INTRODUCTION: In Thailand, the day after attending the funeral for 56-year-old Princess Viphavidi Rangsot who was killed by Communist guerrillas, King Bhumibol Adulyadej returned to the country's other major problem apart from Communist insurgents -- opium smuggling.
GV Jeep of King's escort overturned near road.
SV Troops receiving first aid.
SV Overturned jeep and onlookers.
SV King walking up hillside near village of Huay Thung Jo to inspect new flower crop. (2 shots)
SV King inspecting flowers. (2 shots)
GV EXTERIOR Villagers outside King's medical centre.
SV INTERIOR Woman receiving medical treatment. (3 shots)
SV School children with flags awaiting King at village of Mon Nang Yet. (2 shots)
SV King looking over irrigated land. (2 shots)
SV AND CU King planting tree. (2 shots)
CU Tree stump PAN UP TO rows of new trees.
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Background: INTRODUCTION: In Thailand, the day after attending the funeral for 56-year-old Princess Viphavidi Rangsot who was killed by Communist guerrillas, King Bhumibol Adulyadej returned to the country's other major problem apart from Communist insurgents -- opium smuggling. Most of the opium is grown in the "golden triangle" area around the Burma, Laos, Thailand border. One of the King's initiatives to change the nature of the remote area has been to have roads constructed so that there is communication with the many tribal villages.
SYNOPSIS: But the roads are often rough and some of the soldiers in the King's escort party were injured when their jeep left the country road and overturned, King ??? was on his way to inspect the villages where an effort has been made to change the old opium growing ways of the tribesmen.
The tribesmen used to burn down an area of jungle to plant the poppies, from which the opium is made, on the slopes of mountains. To try to when the tribesman away from the illegal opium trade, the thai government has financed a scheme whereby the tribesmen replant the jungle areas they have ruined.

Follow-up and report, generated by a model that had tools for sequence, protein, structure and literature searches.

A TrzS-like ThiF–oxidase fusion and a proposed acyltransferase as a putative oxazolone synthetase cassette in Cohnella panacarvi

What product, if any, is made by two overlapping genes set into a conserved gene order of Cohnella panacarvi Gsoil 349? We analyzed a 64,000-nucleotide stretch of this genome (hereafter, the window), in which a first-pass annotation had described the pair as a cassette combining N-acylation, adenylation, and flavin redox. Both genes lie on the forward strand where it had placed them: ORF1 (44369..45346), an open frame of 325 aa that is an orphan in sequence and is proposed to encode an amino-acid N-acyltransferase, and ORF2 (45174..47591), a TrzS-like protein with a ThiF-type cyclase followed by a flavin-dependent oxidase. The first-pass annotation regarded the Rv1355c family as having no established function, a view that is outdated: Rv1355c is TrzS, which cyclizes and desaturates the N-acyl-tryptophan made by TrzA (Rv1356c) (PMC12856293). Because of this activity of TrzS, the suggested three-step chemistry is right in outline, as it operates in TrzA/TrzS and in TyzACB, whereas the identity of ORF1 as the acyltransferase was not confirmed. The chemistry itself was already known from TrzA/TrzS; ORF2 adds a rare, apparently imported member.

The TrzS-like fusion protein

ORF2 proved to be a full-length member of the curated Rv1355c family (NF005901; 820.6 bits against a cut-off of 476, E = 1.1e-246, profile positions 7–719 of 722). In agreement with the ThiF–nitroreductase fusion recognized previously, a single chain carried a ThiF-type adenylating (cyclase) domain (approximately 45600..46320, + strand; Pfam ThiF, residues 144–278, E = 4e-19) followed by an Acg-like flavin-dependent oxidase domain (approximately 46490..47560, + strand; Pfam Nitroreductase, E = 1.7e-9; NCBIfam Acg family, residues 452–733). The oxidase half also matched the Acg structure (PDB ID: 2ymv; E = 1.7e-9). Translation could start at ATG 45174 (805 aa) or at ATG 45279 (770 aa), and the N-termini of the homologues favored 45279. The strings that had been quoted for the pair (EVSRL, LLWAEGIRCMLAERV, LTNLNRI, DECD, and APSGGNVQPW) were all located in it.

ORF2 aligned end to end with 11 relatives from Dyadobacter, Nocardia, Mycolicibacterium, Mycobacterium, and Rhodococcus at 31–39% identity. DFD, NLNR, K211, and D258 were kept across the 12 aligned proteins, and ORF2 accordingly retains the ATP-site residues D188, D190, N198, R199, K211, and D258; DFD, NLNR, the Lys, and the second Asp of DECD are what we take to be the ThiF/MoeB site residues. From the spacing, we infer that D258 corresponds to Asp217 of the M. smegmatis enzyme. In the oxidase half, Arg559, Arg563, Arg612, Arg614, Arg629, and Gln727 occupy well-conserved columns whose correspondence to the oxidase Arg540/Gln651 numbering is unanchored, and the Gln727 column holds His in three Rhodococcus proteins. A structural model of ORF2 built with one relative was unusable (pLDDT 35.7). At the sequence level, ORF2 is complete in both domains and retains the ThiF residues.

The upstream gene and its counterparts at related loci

This village, Huay Thung Jo about 40 miles (65 kilometres) north of Chaing Mai toward the Burmese border now has a flower and strawberry garden on the area that used to be used for poppy growing. The flowers are used for seeds and the tribesmen also earn cash from mushroom roots as well as the 30 US dollars (about 18 pounds sterling) a month the government pays for taking part in the reforestation project.
The medical team with the government party also provide health care for the tribesmen in each village they visit Apart from ending the opium traffic, the government hope that the aid they provide will turn the hill tribesmen in their favour and against the Communist insurgents who may try to enlist the help. These children at the village of Mon Nang Yet certainly seem eager to greet the King.
Things appear settled in the villages the King visited, but nearer the Burmese border an opium war is reported to have broken out between Burmese Shan rebels and remnants of the old Kuomintang Chinese Nationalist army.
The heavily armed Kuomintang troops provide the main protection for the mule caravans that ferry the opium. The Shan United Army, which is fighting for independence from the Burmese government is also involved in the opium trade as a means of buying arms -- but at last in this area of the golden triangle the Thai government seems to have eliminated the opium trade.